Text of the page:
Institutional Affiliation: University of Hong Kong
|Climate Change, Operating Flexibility and Corporate Investment Decisions|
with , : w26441
Extreme temperatures lead to large fluctuations in electricity demand and wholesale prices of electricity, which in turn affects the optimal production process for firms to use. Using a large international sample of planned power plant projects, we measure the way that electric utilities’ investment decisions depend on the frequency of extreme temperatures. We find that they invest more in regions with more extreme temperatures. These investments are mostly in flexible gas and oil-fired power plants that can easily adjust their output, to improve their operating flexibility. Our results suggest that climate change is becoming a meaningful factor affecting firms’ behavior.
|Price Risk, Production Flexibility, and Liquidity Management: Evidence from Electricity Generating Firms|
with , : w23434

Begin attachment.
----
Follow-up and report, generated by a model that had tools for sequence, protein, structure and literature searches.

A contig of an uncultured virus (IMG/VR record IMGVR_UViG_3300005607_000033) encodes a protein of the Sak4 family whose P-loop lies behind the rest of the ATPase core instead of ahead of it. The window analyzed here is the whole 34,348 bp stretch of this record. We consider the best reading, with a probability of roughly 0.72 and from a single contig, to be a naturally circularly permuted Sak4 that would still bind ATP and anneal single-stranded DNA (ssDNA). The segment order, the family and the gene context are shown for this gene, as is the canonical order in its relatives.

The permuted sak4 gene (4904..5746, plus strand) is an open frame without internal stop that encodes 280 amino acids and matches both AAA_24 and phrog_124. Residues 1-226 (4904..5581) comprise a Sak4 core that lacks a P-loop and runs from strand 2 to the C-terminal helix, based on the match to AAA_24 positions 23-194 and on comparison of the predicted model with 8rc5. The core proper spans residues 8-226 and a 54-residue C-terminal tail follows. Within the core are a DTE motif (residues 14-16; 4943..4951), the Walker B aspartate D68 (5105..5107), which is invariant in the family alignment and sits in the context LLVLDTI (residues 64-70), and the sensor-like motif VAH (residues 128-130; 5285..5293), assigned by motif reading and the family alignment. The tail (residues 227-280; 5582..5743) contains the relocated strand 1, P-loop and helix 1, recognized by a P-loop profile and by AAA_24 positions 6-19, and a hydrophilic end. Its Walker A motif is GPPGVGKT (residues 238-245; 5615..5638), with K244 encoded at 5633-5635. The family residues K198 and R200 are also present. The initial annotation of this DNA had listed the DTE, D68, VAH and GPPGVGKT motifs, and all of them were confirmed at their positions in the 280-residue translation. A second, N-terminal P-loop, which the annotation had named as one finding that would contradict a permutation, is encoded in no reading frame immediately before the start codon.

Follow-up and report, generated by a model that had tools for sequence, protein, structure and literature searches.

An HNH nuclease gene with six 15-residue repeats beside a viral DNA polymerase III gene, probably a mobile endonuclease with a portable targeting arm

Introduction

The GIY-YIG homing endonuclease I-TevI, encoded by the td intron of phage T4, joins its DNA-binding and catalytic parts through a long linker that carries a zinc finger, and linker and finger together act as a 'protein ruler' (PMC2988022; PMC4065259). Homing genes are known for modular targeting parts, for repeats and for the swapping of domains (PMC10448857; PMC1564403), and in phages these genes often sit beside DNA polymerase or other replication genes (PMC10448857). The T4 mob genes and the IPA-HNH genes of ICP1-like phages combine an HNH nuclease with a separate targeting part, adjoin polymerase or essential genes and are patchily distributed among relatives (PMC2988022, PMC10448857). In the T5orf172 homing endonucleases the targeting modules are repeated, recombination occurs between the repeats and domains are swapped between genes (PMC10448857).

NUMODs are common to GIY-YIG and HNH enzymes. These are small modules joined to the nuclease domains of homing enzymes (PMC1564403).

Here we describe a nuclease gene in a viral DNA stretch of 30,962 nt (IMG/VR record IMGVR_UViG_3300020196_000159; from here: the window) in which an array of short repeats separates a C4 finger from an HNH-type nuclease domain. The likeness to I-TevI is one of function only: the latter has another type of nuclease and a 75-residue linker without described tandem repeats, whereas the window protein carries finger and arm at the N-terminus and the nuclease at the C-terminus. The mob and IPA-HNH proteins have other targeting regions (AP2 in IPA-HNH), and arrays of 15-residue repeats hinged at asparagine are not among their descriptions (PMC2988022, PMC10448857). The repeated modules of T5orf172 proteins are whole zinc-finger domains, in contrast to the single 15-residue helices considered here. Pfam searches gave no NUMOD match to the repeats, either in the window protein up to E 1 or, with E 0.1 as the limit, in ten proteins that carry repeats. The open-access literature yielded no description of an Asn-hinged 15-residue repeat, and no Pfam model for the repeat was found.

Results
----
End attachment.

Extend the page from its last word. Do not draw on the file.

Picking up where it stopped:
Production inflexibility together with product price uncertainty creates price risk, which is a potentially important factor for firms’ liquidity management. One industry for which price risk can be measured is the electricity producing industry. We use data on hourly electricity prices in 41 markets to measure fluctuations in output prices and information on over 60,000 power plants to approximate firms’ flexibilty to vary output quantities. Our results suggest that higher electricity price volatility leads to increased cash holdings, but only in firms using inflexible production technologies. This effect is robust to a number of specification choices including instrumenting for volatility in electricity prices using weather forecast data. After deregulation, firms hold 20-25% more cash, ...